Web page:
Yahoo Finance's Rick Newman joined Yahoo Finance Live to break down his thoughts on the FOMC hinting at 2 rate hikes in 2023 and what this means for Americans.
- So this week in Bidenomics, what you didn't hear during the commercial break was Rick Newman channeling Tina Turner. And her song "I Don't Want to Fight" might be appropriate because you're pointing out two dastardly rate hikes that are still at least a year off, two years off [INAUDIBLE]
RICK NEWMAN: Yeah, and I watched the Tina Turner documentary recently, so she's been on my mind. But yeah, look, the Fed blinked on inflation a little bit this week. We saw the change in the forecast for interest rates, and then what the St. Louis Fed president, [? Bullard, ?] said we might even get an interest rate hike in 2022. The White House keeps saying, hey, inflation is transitory, but you're hearing more and more voices saying, eh, we're not so sure about that. And if this goes on for another couple months, I think this could become a political problem for President Biden.
We've already got some things that are really important to consumers going up in prices. Used cars is one of them, but the big thing, I think, right now is gasoline. Gas prices are up more than 50% over the last 12 months. And Biden might reach a point where he's going to start to seem a little tone-deaf if he keeps saying, don't worry, it's transitory, it's not going to last very long, if it continues to persist. So it seems like the White House needs to start paying closer attention to this, and maybe changing its messaging a little bit.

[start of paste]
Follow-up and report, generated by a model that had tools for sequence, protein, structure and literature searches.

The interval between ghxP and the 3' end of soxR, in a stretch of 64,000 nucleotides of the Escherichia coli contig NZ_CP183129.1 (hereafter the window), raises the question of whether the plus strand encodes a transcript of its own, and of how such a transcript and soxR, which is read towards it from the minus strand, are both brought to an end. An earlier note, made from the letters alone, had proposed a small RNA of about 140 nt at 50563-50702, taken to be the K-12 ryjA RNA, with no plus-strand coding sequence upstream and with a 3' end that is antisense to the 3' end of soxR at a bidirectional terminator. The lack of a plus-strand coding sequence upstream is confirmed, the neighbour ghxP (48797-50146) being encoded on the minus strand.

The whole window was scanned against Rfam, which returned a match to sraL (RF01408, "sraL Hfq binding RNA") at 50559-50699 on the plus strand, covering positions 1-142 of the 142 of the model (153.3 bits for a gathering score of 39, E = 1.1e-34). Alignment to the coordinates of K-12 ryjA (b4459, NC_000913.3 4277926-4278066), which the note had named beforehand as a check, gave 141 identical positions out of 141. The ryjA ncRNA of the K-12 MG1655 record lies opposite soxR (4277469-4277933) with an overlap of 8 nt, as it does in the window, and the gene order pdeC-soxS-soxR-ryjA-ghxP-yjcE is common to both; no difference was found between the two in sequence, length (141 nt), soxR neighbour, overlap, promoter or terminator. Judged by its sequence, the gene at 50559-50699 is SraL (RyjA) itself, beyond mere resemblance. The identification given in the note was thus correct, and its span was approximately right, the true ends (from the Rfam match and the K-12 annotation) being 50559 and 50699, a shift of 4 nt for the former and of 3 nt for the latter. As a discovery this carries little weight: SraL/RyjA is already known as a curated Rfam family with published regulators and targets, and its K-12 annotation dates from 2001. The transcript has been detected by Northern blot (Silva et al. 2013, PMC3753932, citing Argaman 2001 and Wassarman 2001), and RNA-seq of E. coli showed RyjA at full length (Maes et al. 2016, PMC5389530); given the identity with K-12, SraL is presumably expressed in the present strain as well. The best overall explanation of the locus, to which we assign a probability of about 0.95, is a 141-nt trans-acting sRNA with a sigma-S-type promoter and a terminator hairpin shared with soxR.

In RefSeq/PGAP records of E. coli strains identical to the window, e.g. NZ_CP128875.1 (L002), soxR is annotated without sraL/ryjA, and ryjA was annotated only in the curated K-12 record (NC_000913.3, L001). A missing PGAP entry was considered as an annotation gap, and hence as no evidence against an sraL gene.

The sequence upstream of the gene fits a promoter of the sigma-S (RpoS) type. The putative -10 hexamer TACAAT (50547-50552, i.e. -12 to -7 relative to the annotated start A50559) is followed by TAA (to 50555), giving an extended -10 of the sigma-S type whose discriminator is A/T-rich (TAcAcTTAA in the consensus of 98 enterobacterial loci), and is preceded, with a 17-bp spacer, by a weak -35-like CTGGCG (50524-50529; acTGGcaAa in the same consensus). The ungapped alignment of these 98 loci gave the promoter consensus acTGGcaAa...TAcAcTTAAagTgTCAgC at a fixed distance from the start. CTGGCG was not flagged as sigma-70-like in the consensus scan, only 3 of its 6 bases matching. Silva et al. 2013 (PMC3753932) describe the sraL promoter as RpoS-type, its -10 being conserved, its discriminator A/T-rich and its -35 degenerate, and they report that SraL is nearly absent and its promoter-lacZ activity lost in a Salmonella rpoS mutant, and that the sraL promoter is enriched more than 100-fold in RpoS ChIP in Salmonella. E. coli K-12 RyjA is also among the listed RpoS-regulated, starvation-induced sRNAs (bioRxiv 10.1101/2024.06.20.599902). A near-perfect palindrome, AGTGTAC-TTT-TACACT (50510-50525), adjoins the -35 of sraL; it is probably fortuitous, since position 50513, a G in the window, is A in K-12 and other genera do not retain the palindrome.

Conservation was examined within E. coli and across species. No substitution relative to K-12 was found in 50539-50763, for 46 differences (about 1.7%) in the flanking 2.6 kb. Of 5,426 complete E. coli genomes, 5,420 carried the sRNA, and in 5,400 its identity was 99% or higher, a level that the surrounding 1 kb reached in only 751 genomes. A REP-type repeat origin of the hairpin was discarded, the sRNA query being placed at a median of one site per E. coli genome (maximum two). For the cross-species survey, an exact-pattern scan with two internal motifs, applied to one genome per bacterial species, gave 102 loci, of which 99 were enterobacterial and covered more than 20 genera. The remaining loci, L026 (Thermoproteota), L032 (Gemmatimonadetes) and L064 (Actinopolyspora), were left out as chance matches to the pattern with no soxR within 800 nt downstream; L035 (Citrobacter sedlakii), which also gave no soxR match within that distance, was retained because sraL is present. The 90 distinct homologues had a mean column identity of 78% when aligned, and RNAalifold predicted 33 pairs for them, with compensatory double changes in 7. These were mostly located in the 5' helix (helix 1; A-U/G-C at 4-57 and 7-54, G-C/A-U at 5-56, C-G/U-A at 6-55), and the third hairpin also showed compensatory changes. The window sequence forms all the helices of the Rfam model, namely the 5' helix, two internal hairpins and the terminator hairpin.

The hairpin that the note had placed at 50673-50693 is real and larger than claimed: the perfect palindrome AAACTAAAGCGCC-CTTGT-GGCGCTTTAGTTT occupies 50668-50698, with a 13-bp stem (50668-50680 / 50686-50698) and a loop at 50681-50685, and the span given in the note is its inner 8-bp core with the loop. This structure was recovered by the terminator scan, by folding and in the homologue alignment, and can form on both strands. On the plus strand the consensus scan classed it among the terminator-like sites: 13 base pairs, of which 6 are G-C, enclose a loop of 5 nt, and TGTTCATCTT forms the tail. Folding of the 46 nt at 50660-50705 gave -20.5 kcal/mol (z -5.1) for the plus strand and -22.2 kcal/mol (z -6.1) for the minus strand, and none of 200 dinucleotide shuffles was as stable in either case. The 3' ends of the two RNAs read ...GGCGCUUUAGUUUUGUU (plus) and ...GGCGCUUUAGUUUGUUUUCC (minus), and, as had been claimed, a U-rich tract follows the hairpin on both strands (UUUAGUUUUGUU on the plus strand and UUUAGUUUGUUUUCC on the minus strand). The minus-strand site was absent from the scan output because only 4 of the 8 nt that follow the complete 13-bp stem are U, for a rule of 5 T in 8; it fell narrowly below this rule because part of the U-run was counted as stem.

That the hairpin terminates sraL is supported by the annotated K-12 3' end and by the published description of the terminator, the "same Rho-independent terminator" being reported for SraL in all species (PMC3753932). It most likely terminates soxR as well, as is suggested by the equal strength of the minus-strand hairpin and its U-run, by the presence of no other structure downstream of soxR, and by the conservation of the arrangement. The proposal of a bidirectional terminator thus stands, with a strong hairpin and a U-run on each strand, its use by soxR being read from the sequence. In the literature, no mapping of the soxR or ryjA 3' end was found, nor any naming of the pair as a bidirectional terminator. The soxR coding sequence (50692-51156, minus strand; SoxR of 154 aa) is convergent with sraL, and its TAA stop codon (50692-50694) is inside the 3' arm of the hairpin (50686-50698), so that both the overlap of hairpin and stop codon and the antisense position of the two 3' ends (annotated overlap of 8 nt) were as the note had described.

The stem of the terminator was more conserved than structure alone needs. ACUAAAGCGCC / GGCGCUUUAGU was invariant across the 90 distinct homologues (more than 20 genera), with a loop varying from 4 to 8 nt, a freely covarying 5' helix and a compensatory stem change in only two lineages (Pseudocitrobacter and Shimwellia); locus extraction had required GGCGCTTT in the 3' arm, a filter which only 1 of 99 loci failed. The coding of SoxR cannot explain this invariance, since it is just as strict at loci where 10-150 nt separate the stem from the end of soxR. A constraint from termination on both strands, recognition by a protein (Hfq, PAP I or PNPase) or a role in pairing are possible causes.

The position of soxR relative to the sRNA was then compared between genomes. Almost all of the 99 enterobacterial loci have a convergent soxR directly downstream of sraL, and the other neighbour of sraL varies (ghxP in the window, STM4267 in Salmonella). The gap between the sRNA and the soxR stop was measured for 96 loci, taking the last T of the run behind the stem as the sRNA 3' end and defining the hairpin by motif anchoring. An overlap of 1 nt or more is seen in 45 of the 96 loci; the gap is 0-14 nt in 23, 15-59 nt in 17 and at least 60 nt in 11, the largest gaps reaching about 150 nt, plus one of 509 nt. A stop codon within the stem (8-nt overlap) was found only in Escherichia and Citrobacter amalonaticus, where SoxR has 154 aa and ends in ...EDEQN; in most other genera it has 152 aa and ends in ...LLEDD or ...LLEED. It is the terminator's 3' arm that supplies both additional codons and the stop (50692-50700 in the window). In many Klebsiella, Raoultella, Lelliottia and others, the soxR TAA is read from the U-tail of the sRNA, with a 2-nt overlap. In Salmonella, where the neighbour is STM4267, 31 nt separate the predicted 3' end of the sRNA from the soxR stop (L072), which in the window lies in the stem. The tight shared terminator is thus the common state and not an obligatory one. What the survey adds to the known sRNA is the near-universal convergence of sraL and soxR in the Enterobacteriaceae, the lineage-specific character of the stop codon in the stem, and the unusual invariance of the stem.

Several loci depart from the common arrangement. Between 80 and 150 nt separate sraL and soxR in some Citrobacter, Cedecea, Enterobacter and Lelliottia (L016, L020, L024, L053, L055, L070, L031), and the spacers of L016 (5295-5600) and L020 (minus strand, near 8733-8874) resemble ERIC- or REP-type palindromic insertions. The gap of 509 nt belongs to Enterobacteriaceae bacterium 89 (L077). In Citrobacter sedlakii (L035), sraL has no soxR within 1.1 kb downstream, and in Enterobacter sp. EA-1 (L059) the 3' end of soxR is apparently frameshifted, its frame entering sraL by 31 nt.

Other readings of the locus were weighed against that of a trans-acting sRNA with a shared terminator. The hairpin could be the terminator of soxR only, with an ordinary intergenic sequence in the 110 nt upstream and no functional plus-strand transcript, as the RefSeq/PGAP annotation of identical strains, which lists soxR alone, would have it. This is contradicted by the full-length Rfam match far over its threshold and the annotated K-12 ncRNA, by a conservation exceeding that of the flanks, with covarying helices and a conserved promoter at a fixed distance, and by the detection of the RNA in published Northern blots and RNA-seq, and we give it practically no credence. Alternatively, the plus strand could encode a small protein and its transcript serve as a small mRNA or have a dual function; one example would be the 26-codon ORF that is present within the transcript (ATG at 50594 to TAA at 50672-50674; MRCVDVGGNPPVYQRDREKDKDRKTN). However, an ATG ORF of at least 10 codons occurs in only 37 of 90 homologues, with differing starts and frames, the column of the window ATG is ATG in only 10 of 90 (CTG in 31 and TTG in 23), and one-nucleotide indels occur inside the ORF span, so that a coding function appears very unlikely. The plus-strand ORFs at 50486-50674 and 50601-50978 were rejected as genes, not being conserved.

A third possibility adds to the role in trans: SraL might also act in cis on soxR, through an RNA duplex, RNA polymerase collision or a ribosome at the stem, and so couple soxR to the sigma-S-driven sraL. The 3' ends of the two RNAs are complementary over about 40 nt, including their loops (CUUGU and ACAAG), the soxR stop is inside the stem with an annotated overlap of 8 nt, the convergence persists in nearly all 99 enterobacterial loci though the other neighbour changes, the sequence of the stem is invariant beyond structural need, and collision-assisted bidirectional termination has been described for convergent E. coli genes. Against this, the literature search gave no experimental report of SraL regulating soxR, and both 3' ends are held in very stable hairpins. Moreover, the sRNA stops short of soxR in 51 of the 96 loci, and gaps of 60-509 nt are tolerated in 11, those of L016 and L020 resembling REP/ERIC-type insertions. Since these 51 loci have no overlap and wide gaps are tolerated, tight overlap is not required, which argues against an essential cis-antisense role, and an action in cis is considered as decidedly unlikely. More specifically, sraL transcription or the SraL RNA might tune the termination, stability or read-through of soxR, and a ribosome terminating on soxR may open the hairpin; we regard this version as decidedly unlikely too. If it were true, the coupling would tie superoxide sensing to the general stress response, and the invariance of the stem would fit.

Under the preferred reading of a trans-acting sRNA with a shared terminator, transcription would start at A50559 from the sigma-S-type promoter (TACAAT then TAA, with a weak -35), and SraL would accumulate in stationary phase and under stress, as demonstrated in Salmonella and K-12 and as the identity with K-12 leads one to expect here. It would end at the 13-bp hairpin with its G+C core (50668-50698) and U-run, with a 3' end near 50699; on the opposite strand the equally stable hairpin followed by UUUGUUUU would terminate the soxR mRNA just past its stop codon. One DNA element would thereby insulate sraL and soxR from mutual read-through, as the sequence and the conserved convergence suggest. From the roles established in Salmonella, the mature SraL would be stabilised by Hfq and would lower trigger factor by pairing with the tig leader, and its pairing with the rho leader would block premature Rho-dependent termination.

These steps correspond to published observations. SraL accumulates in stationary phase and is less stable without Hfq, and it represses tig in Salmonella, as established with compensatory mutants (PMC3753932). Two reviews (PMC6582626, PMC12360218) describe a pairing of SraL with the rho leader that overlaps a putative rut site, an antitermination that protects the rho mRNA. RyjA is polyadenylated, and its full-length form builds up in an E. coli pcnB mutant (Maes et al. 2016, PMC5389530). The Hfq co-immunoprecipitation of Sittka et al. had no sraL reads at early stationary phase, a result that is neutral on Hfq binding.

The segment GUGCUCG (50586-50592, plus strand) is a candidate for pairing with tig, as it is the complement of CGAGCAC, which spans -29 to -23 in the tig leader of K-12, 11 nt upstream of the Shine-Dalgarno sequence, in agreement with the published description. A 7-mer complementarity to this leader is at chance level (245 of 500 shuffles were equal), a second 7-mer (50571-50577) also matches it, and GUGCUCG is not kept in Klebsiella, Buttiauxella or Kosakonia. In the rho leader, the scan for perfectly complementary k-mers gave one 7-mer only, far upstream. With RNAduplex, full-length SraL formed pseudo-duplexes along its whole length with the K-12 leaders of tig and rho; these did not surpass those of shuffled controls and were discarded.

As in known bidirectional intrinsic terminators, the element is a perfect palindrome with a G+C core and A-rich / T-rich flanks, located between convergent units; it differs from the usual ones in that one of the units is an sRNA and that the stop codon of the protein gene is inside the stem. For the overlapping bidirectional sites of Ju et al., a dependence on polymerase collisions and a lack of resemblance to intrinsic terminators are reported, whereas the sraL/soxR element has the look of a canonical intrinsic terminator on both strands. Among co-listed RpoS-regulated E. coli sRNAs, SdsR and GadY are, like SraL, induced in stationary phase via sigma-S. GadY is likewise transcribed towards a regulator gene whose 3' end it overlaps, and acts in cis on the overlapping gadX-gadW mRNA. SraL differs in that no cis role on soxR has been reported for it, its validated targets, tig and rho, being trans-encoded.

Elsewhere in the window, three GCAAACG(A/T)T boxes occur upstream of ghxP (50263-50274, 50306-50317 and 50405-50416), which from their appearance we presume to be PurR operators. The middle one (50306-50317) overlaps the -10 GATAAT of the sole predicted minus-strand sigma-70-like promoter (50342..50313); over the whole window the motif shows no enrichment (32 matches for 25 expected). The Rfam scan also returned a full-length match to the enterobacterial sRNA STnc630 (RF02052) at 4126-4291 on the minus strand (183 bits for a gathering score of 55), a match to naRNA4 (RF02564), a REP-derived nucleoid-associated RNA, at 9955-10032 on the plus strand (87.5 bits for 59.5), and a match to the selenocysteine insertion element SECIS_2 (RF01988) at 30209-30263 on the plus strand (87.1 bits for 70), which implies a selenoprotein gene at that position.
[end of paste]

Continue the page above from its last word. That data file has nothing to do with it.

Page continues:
- And Rick, talking about changing his messaging, [INAUDIBLE] so important for Biden, especially heading into the midterms, if he doesn't change his messaging and really tries to stick with this transitory theory, I guess how big of a headwind do you see this potentially being?
RICK NEWMAN: We're a long way from the midterms, even though everybody in Washington is already campaigning. You know, if we get six months of inflation, let's see-- let's say-- I mean, it's almost 5% right now-- let's say we have something like this for the next six months, but then it moderates and prices come back down by late this year or, you know, going into 2022. I think Biden is probably doing OK. I mean, he's got the benefit of the vaccines are working, we're getting back to normal, we do have strong economic growth, we're probably going to have strong employment growth by the end of this year. So that would be OK. But you know, the things that trip up presidents are often the things nobody sees coming. And I think they should just know that this is creeping up on them.
- Very quickly, the Supreme Court decisions this week, how does the Biden administration either gain or lose from those?
RICK NEWMAN: I think it gains because this idea of killing Obamacare has just become-- it's not just a legal failure for Republicans, it's a political loser, too. I mean, support for the ACA has come up from-- it was very low at the beginning. It's come up from like 35%. It's now around 55% of Americans say they're fine with this law. They approve. And we've also seen a shift among voters saying we want more efforts with the government to help us get better-- get health care where we don't have it, make it more affordable, make health care more affordable.
So Biden wants to do some of those things. There are a lot of Democratic plans to do this. And I think Republicans standing in the way of this type of reform is just not helping them, and it keeps getting shot down. So maybe we'll see a little bit more action toward getting more people covered.
- Rick Newman, Tina Turner was correct when she's [? sang ?] [? about ?] [? you ?] "The Best." Everyone thinks it's "Simply the Best," but the song is actually called "The Best."